Quilters quilt and painters paint, but there is a world of di-mension behind the work of fabric artists. As the newest exhibit at the Washington State History Museum—Cutting Edge: Art Quilts of Washington—shows, quilting is an artistic medium in and of itself.
“Traditionally, quilts were hand-sewn from scraps of fabric to meet a practical need—they kept families warm during the winter months,” said Lynette Miller, head of collections for the Washington State Historical Society and curator of the quilt exhibit. “Over time, they have evolved from simply being functional into something decorative and creative, and finally into a means of artistic expression no different from painting or sculpting.”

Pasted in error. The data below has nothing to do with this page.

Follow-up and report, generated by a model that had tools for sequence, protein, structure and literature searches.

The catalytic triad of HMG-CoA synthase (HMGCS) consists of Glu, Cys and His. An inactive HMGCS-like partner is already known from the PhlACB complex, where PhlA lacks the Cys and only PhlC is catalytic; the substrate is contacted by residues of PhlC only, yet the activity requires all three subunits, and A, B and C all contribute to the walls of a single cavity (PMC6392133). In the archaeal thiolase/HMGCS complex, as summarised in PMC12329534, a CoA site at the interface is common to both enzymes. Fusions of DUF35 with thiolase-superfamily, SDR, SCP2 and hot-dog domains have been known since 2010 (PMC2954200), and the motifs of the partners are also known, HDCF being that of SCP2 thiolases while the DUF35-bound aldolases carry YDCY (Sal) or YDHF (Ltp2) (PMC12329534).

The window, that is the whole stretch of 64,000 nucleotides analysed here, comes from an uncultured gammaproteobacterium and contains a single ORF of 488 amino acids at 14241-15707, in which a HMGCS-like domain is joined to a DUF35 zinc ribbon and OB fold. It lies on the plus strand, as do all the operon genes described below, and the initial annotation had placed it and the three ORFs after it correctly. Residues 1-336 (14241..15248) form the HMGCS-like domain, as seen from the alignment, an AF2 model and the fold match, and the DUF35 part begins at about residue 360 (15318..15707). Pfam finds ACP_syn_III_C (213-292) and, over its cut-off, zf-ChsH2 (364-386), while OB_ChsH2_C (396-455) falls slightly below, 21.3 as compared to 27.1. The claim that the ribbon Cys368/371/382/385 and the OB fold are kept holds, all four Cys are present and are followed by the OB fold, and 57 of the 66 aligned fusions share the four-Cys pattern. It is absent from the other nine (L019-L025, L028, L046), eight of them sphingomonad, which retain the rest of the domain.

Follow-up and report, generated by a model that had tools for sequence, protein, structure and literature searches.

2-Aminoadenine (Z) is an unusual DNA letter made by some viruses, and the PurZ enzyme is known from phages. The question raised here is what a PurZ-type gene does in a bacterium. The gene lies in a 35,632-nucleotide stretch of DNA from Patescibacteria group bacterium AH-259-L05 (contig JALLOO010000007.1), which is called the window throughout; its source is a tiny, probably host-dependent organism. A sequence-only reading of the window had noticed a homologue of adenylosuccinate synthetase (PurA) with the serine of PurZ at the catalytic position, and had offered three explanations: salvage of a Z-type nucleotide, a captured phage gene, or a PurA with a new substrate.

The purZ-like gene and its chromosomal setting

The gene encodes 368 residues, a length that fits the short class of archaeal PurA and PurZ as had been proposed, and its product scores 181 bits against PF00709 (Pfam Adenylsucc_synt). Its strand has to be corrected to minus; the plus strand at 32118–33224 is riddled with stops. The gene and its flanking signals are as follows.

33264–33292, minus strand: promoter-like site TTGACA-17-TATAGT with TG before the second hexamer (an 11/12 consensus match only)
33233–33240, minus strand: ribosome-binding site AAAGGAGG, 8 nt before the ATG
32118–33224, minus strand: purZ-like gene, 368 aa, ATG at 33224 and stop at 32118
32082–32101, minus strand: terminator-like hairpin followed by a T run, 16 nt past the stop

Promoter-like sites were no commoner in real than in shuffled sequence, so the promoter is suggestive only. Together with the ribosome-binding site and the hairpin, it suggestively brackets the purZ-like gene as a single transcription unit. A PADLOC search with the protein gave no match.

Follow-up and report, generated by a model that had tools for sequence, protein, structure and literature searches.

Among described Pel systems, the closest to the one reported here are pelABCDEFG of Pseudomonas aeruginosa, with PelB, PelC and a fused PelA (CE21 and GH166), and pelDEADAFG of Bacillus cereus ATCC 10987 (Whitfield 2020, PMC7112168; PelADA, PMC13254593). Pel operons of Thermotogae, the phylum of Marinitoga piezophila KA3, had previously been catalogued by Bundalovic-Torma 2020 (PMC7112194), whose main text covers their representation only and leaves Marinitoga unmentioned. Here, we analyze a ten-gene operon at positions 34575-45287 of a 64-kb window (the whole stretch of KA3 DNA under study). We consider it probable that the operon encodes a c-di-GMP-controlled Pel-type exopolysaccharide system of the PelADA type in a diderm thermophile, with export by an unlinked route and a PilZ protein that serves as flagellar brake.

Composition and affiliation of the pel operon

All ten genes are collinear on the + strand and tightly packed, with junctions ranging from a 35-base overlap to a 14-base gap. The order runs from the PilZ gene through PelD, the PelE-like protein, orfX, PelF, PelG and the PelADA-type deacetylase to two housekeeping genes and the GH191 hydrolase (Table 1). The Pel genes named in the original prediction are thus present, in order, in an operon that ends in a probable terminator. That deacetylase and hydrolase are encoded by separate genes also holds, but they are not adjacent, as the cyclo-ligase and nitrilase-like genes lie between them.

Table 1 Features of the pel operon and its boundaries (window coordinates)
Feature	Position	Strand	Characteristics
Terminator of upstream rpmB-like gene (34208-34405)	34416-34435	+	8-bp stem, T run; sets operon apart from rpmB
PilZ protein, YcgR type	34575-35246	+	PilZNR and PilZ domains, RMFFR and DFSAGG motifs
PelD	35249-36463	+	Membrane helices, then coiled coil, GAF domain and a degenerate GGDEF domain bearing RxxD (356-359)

Cutting Edge: Art Quilts of Washington is a collaborative effort between the Washington State Historical Society, which also has a number of historic quilts from its collection on display, and the Contemporary Quilt Art Association, a diverse group of artists, teach-ers, writers and collectors from throughout Washington. The juried exhibit features the work of association members, who view quilts as an exciting medium of expression and a viable contemporary art form.
“Today’s quilt artists may still use sewing machines, but they are just as likely to use more contemporary technology such as computers and printers or less traditional techniques such as painting, hand-dyeing and bleaching,” said Colleen Wise, president of the Contemporary Quilt Art Association. “They may embellish their work with beads, metal or found objects. They are using quilt-making as a means of expression rather than comfort. Quilt-making has evolved into a true art form with a distinctive American history.”
Cutting Edge: Art Quilts of Washington through Aug. 21 at the history museum, 1911 Pacific Ave., Tacoma.
For additional information: washingtonhistory.org